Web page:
• I AM going to meet every need. Just wait for me.
  • I AM still loving you. Nothing will ever stop my loving you.
  • I AM your ally, the one who will defend you to the end.
  • I AM.

So when the days seem longer than 24 hours, when the expectations fizzle, keep holding on to hope. Check out this video for a dash of strength. https://www.youtube.com/watch?v=c-HIKxnSZSA

©2021 RJ Thesman – All Rights Reserved

For a few moments of hope, check out my newest e-book Finding Hope When Life Unravels.

Hope Embraces Self-care

A national magazine asked me to write an article about becoming emotionally overwhelmed. So I hammered out 1600+ words. Yet, even as I wrote, another reminder of self-care affected my thought processes.

It has taken me so many years to believe and write this truth. But one purpose of a blog is to be forthright and honest, even vulnerable. So here goes my truth:

Self-Care is a valid spiritual discipline.

Many of us have been taught — dare I say “programmed” — to believe that any type of self-care is selfish, prideful, a sin. Taking care of ourselves feels somehow “less than.”

We believe if we completely wear out for Jesus, we are more spiritual and worthy of heavenly treasures. If we are utterly exhausted, we have completed our earthly journey and won the reward of the faithful.

Yet Jesus taught us to love others as we love ourselves. We cannot truly love others until we have learned how to love and care for ourselves.

And we cannot truly love ourselves until we search under the detritus of other-care to find our lonely souls.

But we are afraid of doing the wrong thing. So we live like the walking wounded, zombie-like versions of who God created us to be. We do for others all the time, sign up to volunteer at various places b/c they have needs and we think we must meet those needs.

Then we wake up one day, completely overwhelmed from bearing the burdens of everyone else and ignoring our own needs.

But Abba God has never asked us to kill ourselves, even for the emotional health of others.

My therapist once complimented me on some choices I made. To replace some old towels with new ones in the lovely colors I enjoy. To schedule a mani/pedi for myself on Valentine’s Day. Just because.

“Both of those decisions are self-care,” she said.

I did not even realize I was taking care of myself. But when I stepped back and saw the basis of these choices as self-care, they felt good. No condemnation. No drama and no guilt.

The beginnings of self-care happen by setting healthy boundaries, by daring to take care of ourselves and saying, “No” to anything that tries to break through those boundaries.

The first boundary is skin. Protecting our physical bodies is the first line of defense. Anything or anyone who violates that boundary is unsafe.

The second boundary is time. This area is where so many of us who have ministered to others fail. We make ourselves available 24/7, refuse to take breaks or even the PTO the job offers so that we can help meet the needs of hurting others.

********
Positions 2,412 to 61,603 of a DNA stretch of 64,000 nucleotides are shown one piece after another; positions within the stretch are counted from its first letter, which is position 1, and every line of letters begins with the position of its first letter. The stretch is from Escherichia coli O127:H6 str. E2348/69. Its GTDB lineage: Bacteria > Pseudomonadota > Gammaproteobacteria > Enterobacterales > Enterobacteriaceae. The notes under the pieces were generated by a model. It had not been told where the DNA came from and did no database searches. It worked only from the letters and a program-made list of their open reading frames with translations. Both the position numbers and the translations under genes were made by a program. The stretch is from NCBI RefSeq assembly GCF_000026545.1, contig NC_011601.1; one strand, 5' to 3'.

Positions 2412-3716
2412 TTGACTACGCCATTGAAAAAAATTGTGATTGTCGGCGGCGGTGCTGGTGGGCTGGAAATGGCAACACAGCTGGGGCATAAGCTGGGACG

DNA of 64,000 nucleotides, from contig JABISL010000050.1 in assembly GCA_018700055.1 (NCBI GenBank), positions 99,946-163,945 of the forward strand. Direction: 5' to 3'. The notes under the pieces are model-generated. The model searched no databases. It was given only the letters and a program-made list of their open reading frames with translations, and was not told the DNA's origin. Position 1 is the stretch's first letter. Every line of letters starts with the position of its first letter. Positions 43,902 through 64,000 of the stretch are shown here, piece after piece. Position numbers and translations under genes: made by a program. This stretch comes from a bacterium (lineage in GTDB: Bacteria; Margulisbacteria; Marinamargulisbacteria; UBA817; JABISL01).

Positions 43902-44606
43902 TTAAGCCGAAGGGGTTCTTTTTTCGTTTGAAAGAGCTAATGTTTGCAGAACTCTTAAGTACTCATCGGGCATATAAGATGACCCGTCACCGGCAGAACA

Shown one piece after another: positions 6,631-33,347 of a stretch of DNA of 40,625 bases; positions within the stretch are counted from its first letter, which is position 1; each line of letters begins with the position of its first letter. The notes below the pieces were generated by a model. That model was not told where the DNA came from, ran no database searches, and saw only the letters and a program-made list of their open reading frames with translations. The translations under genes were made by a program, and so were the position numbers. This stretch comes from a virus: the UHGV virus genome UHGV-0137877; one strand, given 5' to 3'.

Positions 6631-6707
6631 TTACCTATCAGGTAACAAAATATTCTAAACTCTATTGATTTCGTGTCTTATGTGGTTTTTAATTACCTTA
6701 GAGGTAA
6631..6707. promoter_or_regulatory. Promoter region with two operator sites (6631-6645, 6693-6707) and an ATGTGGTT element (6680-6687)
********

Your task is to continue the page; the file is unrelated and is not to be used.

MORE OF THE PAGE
We don’t see how we are actually harming ourselves.

The third boundary is more subtle, the area we bury until one day we wake up and realize we have lost our true destiny. This boundary is the soul. We ignore soul-care, letting time and other needs dominate.

But the soul is the basis of who we are. We cannot grow without its strengthening. We cannot truly be ourselves without listening to its needs.

Julia Cameron, author of The Artist’s Way underscores the importance of artist dates. To go somewhere by yourself and for yourself. Not to do anything for anyone else or meet some sort of deadline. But just to be and enjoy the beauty of art around you.

A walk through the arboretum – not during this cold snap of course – but later in the calendar. Browsing through fuzzy yarns and fun crafts at Hobby Lobby. Maybe a late-night or early-morning ice cream run. I can vouch for the Queen of Hearts flavor at Sylas & Maddy’s.

One of my clients introduced me to the coffee shop and serenity of Family Tree Nursery. During Christmas, their trees were so lovely. I plan to go back for some writing time. Or maybe to dream about my spring garden plans. Or maybe just to sip a chai and take care of my soul-self.

I am putting together a list of things I want for myself in these late-in-life days, how I can spend my time just enjoying the moments and being myself, where I can rediscover the root of my dreams.

If that sounds selfish, well — I don’t care. Don’t judge me. I have spent a lifetime in ministry helping others. It is okay to now help myself.

The definition of grace deletes the need for excess works to please God. Grace means accepting his love for me, then recycling that love into a deeper understanding of who I am. Once I am free from the legalism of having to do, I can then truly love others where they are and for who they are.

It is time to learn more about loving myself and find hope in the process. Perhaps you can comment on how you are doing the same.

©2021 RJ Thesman – All Rights Reserved

Check out my newest e-book: Finding Hope When Life Unravels.